Aaron (George MacKay) is a young man living in a small village on the coast of Scotland and he’s the sole survivor of a fishing boat accident at sea that took the lives of his older brother Michael (Jordan Young) and five other local men. The grief at the loss is the prevailing feeling in the small village and his presence is like a living ghost, reminding people of those they have lost.  He has no memory of what happened out there which means the need for answers goes unsatisfied and some people blame Aaron for the deaths.

Aaron seems obsessed with the notion that just because they are missing it doesn’t mean they are dead and he believes his brother Michael is still alive out there with the others. He seems to seriously believe the old stories his mother told him when he was a child about the devil living in the sea in the form of a monstrous fish that cursed the village. This story includes a young boy who goes out to see to kill the fish and rescue all his loved ones from its giant belly. The parallel with Aaron is hard to miss.

Aaron was an outsider before the tragedy, not really interested in rough and tumble play with other boys his age but it seemed that he was tolerated because his brother was much more normal, popular and physically capable. With Michael gone there is open contempt for Aaron from the youths of the village who enjoy telling him the most lurid gossip about him.

While his mother Cathy (Kate Dickie) tries to be supportive all the time she can’t understand what he’s going through. Aaron confides in Jane (Nichola Burley), his brother’s fiancé and they start growing close but her father (Michael Smiley) is not happy about it. Jane realises she’s using Aaron to cling on to George and decides to stop seeing him. This leads to a confrontation between Aaron and Jane’s father and Aaron realising he is on his own.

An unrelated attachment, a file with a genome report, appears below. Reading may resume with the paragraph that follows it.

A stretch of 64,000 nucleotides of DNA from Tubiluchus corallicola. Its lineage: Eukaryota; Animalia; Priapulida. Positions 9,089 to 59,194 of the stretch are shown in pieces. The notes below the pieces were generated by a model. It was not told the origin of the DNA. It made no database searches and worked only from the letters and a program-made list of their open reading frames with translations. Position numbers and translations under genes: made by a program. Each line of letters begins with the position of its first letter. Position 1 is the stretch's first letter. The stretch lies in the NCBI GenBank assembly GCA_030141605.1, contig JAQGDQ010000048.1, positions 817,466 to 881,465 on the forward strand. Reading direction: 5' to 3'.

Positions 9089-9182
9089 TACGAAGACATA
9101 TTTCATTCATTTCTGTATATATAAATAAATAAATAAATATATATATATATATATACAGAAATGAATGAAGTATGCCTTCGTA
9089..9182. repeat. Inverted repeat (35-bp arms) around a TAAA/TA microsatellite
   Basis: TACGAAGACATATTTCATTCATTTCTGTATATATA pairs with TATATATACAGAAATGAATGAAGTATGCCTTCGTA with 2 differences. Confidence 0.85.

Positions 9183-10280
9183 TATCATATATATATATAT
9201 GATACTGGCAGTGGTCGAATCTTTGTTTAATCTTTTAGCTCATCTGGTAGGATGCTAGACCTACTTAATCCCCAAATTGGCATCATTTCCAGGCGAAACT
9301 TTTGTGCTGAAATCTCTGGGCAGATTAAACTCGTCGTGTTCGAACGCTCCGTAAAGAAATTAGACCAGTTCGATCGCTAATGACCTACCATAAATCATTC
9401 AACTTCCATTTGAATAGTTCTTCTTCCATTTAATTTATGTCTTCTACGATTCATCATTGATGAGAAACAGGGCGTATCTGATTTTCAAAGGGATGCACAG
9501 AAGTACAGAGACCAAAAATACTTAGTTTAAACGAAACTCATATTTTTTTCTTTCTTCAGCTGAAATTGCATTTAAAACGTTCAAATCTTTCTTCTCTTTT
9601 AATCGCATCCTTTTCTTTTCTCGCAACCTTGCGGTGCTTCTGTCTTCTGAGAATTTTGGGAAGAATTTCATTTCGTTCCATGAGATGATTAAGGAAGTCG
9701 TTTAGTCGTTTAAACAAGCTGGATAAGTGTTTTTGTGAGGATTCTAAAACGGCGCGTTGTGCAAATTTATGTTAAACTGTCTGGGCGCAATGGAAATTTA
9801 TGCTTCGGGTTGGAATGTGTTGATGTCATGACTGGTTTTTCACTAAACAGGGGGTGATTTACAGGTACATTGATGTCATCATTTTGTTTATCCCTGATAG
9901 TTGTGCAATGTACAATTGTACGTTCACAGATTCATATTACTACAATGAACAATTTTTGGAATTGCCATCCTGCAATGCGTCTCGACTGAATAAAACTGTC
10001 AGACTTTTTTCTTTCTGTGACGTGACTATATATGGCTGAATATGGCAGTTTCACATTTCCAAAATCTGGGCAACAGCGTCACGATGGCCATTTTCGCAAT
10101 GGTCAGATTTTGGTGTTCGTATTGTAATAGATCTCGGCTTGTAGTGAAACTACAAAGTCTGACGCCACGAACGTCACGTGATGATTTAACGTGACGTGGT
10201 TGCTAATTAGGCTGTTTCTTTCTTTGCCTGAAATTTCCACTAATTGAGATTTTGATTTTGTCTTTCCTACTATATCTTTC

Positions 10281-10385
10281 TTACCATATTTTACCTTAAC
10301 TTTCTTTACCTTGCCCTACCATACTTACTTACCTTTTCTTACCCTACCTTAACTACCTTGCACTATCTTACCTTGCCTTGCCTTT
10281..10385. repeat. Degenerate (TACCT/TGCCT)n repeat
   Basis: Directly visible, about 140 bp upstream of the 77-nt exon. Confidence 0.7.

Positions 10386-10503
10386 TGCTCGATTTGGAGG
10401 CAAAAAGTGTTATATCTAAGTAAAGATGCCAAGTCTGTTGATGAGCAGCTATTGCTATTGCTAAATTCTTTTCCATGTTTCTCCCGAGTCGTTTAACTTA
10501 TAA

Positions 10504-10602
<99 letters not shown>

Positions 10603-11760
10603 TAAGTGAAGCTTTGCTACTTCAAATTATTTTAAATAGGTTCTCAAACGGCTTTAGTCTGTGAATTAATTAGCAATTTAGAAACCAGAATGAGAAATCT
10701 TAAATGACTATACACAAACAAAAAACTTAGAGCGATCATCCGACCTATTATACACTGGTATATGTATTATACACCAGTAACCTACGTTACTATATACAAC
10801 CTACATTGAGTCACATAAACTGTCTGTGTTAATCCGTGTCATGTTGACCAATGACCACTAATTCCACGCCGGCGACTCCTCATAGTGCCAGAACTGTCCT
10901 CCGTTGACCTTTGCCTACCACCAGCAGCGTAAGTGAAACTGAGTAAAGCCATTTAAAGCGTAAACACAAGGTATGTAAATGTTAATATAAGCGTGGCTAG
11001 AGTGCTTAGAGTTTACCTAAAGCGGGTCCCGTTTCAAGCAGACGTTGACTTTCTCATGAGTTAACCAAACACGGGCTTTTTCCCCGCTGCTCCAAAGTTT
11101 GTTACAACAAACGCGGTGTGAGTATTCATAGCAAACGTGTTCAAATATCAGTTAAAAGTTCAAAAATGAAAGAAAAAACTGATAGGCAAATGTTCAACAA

This is good solid film dealing with the way a community deals with loss and we see them focus their grief and anger on Aaron. His method of coping is to turn to the stories of his childhood, the myths with happy endings that offer him hope. He was happy staying in background while his brother got the limelight but now has to cope with being the centre of somewhat hostile attention on top of his own sense of loss. The young actor playing Aaron really has to carry the whole film and I think he did great job and he did so well with the accent that I didn’t even suspect he wasn’t Scottish. The supporting cast are all excellent too. It is not a light film and it has very downbeat feel to it so it’s not really a fun film for an easy watch but I think it still worth a look even if just for the scenery.

Rating 7.0/10

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Posted by on March 25, 2014 in Entertainment, Film

 

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The Zero Theorem

Cinema Review